On June 18, 1934, the Wheeler-Howard Act, also known as the Indian Reorganization Act, reverses the United States policy favoring Indian assimilation and becomes the basis for policies that recognize the right of self-determination for Native Americans. The law curtails the land allotment system, permits tribes to establish formal governments with limited powers, and allows the formation of corporations to manage tribal resources. Funds are authorized for educational assistance and to assist tribes in purchasing tribal lands.
Assigning Tribal Lands
U.S. Government Indian policies had been guided by the Dawes General Allotment Act of 1887, which had as its aim the total assimilation of individual Native Americans into American society as small farmers. Tribal lands were assigned to individual members who were free after 25 years (if the government deemed them "competent") to sell off their allotments. Unassigned lands were then made available for homesteaders. By 1932, non-Natives had taken over two-thirds of the 138 million acres (in 1887) of reservation lands.
In 1928, the Meriam Report on the extreme poverty on Indian reservations demonstrated the failure of the policy of assimilation.
In response to the Great Depression, John Collier (1884-1968), Commissioner of Indian Affairs in the Franklin D. Roosevelt administration, developed plans for reservation-centered relief programs and official support of tribal governments. Collier believed tribes could restore their identities and cultures through local organization. With some changes, Collier's plan was enacted into law as the Indian Reorganization Act. Tribal members were permitted to vote on whether or not to accept the act. In Washington, the Colville, Spokane, Chehalis, Shoalwater, Lummi, and Yakima tribes rejected the pact.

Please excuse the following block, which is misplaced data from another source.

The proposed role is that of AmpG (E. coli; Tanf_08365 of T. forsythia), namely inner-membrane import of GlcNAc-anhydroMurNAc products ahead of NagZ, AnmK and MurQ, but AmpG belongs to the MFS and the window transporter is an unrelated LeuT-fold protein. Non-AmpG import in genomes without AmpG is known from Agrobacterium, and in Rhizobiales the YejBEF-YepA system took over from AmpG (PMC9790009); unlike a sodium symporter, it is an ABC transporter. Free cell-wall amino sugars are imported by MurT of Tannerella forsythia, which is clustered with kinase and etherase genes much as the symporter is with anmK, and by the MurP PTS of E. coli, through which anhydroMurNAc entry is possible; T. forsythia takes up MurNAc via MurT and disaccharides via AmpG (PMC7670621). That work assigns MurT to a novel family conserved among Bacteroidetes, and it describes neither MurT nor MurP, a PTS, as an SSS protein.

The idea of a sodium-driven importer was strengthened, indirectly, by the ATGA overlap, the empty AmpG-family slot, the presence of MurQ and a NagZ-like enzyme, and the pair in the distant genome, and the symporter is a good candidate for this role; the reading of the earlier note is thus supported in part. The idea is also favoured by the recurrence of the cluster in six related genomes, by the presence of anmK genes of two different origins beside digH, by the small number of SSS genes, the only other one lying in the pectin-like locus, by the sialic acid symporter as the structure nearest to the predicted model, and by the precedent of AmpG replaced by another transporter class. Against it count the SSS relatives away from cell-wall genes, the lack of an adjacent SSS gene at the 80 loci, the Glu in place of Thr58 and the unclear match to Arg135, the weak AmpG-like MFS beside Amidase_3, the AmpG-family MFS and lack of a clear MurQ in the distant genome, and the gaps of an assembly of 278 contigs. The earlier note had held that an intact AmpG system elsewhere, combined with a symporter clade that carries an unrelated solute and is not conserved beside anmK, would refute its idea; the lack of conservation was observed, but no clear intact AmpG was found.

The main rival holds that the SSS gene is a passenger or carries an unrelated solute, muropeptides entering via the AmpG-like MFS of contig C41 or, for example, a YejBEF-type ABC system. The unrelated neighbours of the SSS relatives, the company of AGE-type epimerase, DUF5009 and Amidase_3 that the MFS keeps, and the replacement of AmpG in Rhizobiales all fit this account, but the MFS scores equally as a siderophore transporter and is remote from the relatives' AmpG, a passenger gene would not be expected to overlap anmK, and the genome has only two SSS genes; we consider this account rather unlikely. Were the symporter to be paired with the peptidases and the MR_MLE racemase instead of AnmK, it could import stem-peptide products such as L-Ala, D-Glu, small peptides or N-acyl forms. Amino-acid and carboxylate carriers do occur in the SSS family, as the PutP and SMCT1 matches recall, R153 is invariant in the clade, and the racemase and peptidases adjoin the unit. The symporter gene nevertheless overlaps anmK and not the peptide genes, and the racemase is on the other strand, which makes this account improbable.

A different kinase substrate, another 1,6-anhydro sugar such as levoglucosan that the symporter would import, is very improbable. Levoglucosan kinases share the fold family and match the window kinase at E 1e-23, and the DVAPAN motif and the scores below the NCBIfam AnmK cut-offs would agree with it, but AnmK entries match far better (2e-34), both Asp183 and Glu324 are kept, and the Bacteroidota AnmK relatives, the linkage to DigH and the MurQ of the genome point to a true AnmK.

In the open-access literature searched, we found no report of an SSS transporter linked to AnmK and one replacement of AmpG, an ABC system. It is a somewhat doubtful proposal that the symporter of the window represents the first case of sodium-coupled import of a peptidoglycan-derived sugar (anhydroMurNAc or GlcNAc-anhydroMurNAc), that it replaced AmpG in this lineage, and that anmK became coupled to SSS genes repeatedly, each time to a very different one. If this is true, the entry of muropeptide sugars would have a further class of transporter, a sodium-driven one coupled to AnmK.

In Puget Sound, traditions of intermarriage among tribes and with non-Indians, and the assignments of several tribes to a single reservation conflicted with the vision in the law of tribal identity being attached to a reservation. The livelihoods of many Northwest Indians were tied to fishing and logging and day labor rather than to farming on reservations. Landless tribes such as the Duwamish had governing organizations, but no reservation, and this left them in legal limbo. Some Indians had to transfer allegiance to new tribal governments in order to preserve their economic rights.
The law enabled tribes to develop formal governments on reservations and gave them a means to buy back lands lost in the allotment system. Healthcare and education on reservations improved as well. The law had a negligible impact on Puget Sound Native Americans until the 1940s, when individuals working in war plants and serving in the military returned with new ideas.